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GeIL Launches DDR5-5600 Memory Kits And They Are Already Sold Out

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In short: Intel is expected to introduce its Alder Lake processors to enthusiasts in the coming weeks, with the motherboards already hitting some retail stores. The good news is there will be a variety of DDR5 memory kits to choose from, but the price and availability may disappoint enthusiasts looking to upgrade to a new platform.

RAM manufacturers are struggling to release DDR5 memory kits in time for Intel’s Alder Lake line of processors, which are expected to be phased out in the coming weeks. Some, like TeamGroup, have been trying to sell their DDR5 kits since June, but availability mostly worked against them. PNY is preparing DDR5-4800 kits coming in the coming weeks, but that’s all we know about it.

The latest manufacturer to join the race is GeIL, which was so excited about the latest DRAM standard that it began selling Polaris DDR5-4800 memory modules at Amazon and Newegg before the official announcement it happened earlier today. The company says its new line of Polaris RGB DDR5 memory modules is aimed at early adopters of Intel Alder Lake and AMD Zen 4 platforms.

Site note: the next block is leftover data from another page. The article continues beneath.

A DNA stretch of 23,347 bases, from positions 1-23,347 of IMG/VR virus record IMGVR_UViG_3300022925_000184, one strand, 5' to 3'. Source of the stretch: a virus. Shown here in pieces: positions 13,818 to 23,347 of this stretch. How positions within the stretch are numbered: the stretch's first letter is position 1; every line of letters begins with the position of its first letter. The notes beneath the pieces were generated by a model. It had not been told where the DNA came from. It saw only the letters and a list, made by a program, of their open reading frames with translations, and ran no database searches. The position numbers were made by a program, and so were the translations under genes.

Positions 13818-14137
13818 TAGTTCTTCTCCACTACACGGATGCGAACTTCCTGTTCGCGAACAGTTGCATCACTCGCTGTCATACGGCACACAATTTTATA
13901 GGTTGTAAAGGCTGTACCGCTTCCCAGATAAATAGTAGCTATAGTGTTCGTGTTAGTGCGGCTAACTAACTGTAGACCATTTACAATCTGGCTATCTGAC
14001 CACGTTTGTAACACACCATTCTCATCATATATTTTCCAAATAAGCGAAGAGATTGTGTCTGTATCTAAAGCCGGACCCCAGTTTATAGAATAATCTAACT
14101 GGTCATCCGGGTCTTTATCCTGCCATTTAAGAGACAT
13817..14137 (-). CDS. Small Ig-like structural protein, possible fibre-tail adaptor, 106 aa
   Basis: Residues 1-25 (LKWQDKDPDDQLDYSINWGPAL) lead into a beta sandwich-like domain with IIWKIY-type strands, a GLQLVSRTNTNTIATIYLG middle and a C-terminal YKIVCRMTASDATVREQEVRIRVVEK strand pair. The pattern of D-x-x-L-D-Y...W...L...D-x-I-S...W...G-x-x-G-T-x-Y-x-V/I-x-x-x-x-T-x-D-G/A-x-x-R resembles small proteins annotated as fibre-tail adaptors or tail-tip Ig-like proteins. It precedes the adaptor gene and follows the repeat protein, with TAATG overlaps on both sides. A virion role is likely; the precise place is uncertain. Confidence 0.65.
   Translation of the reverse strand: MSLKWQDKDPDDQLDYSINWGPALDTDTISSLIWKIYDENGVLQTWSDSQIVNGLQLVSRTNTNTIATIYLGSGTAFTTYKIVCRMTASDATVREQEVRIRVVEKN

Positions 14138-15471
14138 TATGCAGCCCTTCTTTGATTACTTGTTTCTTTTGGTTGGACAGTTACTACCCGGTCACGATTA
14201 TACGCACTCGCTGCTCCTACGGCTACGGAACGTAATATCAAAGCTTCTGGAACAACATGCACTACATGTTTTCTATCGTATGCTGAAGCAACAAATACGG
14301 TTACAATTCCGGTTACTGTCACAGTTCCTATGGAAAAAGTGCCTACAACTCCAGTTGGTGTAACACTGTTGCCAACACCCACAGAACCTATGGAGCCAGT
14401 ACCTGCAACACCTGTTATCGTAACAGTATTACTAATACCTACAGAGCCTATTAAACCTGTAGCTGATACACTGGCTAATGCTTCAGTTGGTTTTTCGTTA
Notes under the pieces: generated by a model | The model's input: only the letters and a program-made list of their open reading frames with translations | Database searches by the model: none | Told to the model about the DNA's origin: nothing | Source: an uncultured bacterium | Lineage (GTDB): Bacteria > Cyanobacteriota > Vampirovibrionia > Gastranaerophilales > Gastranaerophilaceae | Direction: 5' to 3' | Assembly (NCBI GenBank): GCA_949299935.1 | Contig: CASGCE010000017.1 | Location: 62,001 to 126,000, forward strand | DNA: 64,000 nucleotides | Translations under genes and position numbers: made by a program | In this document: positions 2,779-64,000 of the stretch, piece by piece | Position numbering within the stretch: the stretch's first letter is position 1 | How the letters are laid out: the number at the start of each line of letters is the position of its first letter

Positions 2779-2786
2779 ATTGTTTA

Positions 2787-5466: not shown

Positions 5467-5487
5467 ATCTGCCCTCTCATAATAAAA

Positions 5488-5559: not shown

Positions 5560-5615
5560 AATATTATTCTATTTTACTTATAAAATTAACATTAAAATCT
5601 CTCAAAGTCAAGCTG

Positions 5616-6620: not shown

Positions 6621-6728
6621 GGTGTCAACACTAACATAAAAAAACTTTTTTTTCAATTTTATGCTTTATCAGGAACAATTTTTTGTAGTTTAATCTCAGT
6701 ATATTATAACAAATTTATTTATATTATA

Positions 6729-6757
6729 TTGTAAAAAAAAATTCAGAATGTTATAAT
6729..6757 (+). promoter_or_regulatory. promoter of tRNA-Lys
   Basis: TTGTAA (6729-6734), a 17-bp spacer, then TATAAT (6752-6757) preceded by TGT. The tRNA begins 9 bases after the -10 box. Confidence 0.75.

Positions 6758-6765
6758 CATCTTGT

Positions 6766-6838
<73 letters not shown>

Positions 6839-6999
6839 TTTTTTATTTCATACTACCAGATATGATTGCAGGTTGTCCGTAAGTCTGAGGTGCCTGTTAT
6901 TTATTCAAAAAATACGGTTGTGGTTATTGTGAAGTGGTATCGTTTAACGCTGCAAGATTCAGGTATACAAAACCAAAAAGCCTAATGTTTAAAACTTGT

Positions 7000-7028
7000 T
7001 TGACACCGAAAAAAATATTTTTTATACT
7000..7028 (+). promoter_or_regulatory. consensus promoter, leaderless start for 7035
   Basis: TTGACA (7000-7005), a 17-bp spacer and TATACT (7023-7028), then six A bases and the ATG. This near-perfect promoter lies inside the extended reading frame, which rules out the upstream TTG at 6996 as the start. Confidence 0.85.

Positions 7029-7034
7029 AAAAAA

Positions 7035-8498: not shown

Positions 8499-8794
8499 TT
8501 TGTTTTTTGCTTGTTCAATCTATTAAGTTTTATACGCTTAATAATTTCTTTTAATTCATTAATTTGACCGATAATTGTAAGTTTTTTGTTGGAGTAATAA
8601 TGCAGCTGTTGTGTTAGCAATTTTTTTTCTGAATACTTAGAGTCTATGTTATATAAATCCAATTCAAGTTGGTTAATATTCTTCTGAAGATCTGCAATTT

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GeIL Polaris RGB DDR5-4800 CL40 modules will operate at 1.1 V and will be available in 8, 16 and 32 GB versions. They adhere strictly to the JEDEC standard, which means they don’t offer any XMP profiles. For those looking for more speed, the company will soon release a 16GB DDR5-5200 CL34 module operating at 1.15V and a 16GB DDR5-5600 CL38 module operating at 1.25V, as well as dual channel kits. They will come with XMP 3.0 support for easy overclocking.

The new DDR5 memory modules will come with heatsinks in red, titanium gray and white, as well as regular RGB lighting, and GeIL says they won’t interfere with most CPU coolers. In terms of price, the 32GB DDR5-4800 kit will set you back $ 349.99 and can be found at Amazon and Newegg… If that sounds expensive, know that at least Asus Z690 motherboards will sell for relatively affordable prices, and Alder Lake processors won’t be much more expensive than their Rocket Lake counterparts.


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